In the last ten days Charles Ganzer, a police patrolman, has lost his father and brother, and his aged mother now lies at the point of death at Lee's Summit, Mo. The father, George Ganzer, died ten days ago. Yesterday morning William Ganzer, a brother, 24 years old, died on his farm near Hickman Mills. At last reports the officer's mother was reported very low. The funeral of the brother will take place at the Lee's Summit cemetery this afternoon. He will be buried in the family lot.
Labels: cemetery, death, Lee's Summit, police
September 26, 1909
LONG SERVICE IN THE PRIEST-
HOOD IN KANSAS CITY.
Friends to Commemorate the Event
on November 1 -- Came From
Tipperary to the West on
Advice of a Friend.
FATHER PATRICK J. O'DONNELL,
FOR 25 YEARS A PRIEST HERE.
In 1885 St. Joseph's hospital was an unpretentious structure, a building which now forms a small wing to the greater buildings constructed adjoining it. In one corner of the hospital grounds there stood a little frame building which was used by the druggist attached to the hospital.
In addition to the hospital buildings the grounds now contain a finely appointed church. The priest is the Rev. Father Patrick J. O'Donnell. He has been there twenty-four years. The church building has succeeded a modest chapel in which Father O'Donnell first celebrated mass when he was given charge of the chapel. It was his second charge in the priesthood.
On November 1, Father O'Donnell will celebrate his silver sacerdotal. At least, his friends have advised him that they will celebrate it for him. They have arranged a reception with Father O'Donnell as honor guest in the chapel hall at Eighth and Penn streets for the night of the day which will mark his twenty-fifth anniversary as a priest of the Roman Catholic church.
Father O'Donnell was born in Tipperary in May, 1862. He left Ireland when 14 years old and lived for four years with an aunt in New York. In 1880, he returned to Ireland and attended St. John's Theological seminary at Wexford. He completed the course of religious instruction there in 1884 and came direct to Kansas City.
The reason for his choosing Kansas City as a field for religious work was that a classmate in the Irish school had been ordered to the St. Joseph diocese and had written Father O'Donnell of what a fine country the Western part of the United States is. Kansas City at that time was a part of the St. Joseph diocese. The Right Reverend John J. Hogan, now bishop of Kansas City, was bishop of the St. Joseph diocese. Afterward, when the Kansas City diocese was created, Bishop Hogan became spiritual head of the Kansas City diocese and administrator for St. Joseph.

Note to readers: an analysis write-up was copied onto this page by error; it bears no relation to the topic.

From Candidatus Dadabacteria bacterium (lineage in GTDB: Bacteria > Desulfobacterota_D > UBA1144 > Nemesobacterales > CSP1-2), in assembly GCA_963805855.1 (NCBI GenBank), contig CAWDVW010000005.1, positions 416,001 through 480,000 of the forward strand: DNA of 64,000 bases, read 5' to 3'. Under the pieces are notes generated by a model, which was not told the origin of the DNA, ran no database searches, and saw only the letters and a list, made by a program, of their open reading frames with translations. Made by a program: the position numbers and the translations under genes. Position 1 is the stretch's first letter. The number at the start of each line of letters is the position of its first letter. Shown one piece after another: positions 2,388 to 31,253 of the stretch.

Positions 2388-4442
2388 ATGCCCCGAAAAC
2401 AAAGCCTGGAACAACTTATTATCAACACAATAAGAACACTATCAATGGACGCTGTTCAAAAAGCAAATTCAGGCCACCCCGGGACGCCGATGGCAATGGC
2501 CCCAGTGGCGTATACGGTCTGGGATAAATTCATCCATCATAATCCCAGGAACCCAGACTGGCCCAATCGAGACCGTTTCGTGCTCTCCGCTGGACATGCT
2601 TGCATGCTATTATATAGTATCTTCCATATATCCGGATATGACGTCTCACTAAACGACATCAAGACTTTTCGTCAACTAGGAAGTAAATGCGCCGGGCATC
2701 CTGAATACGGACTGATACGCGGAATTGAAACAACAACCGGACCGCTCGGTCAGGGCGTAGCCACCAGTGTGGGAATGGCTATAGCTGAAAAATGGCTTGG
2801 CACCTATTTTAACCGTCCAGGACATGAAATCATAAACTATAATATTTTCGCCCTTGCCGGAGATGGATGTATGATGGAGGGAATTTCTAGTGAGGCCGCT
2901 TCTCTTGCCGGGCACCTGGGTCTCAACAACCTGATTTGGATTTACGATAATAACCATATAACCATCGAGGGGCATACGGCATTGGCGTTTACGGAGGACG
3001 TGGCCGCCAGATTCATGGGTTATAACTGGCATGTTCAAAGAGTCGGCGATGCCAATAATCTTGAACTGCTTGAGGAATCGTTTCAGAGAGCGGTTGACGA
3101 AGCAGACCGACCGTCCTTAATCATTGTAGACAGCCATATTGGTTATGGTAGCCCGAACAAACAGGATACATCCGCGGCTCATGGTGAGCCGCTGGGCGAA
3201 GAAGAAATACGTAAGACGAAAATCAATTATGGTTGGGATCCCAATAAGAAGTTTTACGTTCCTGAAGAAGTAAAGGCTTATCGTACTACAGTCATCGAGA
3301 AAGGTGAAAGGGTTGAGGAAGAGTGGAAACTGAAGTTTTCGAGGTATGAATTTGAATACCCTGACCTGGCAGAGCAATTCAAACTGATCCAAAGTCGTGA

Father O'Donnell's first religious work in Kansas City was as an instructor in the parochial school of the Cathedral near Eleventh street and Broadway. He taught in the school for several months. In November, 1884, he was ordained as a priest in the Cathedral.
The first charge given Father O'Donnell was in Norborne, Mo. At the time of his ordination, Father O'Donnell was too young to be admitted to the priesthood, but a papal dispensation was granted. He remained in Norborne, Mo., until 1885, when he was appointed chaplain to St. Joseph's hospital and celebrated mass each alternate Sunday at Lee's Summit. He retained the Lee's Summit charge for two years.
Father O'Donnell was asked to build a church in Sheffield. He worked for several years to bring it about. After the church was built he celebrated mass in it. Two years ago it was made a separate charge. In the meantime, the new church at the hospital building was erected. It now serves many parishioners in addition to the convalescents at the hospital.
Father O'Donnell is of genial disposition. He is known as "a man's priest" because of the strong interest he invariably has held in athletics and his liking for the society of men. He is a member of the Kansas City lodge of the Elks, being the only member of the order among the priests of Missouri.
Father O'Donnell's family lives in Kansas City, they having removed from Ireland several years after he was assigned to the charge at Norborne. His various charges in Jackson county have given him a wide acquaintance here, while he is one of the few priests ordained at the Cathedral who has retained a parish in the city. As a result of his long residence here, the reception planned for him is to be made notable by his friends.
Labels: Broadway, churches, Eleventh street, history, hospitals, immigrants, Lee's Summit, ministers, schools, sheffield
May 11, 1909
WOLVES IN JACKSON COUNTY.
Lair of Eight Discovered Three
Miles West of Lee's Summit.
Eight wolf scalps were laid on the desk of the county court yesterday while the court was in session at Independence. W. C. Bushart, who lives three miles southeast of Lee's Summit, discovered the lair of wolves and some of them were old enough to show a little fight. The were captured, however, and the county court yesterday ordered a warrant issued to the capture for $16. There is a bounty of $2 on each wolf scalp.
Labels: animals, county court, Independence, Lee's Summit
January 9, 1909
CAN GROW TOBACCO HERE.
Jackson and Cass Counties' Farmers
Experiment With Weed.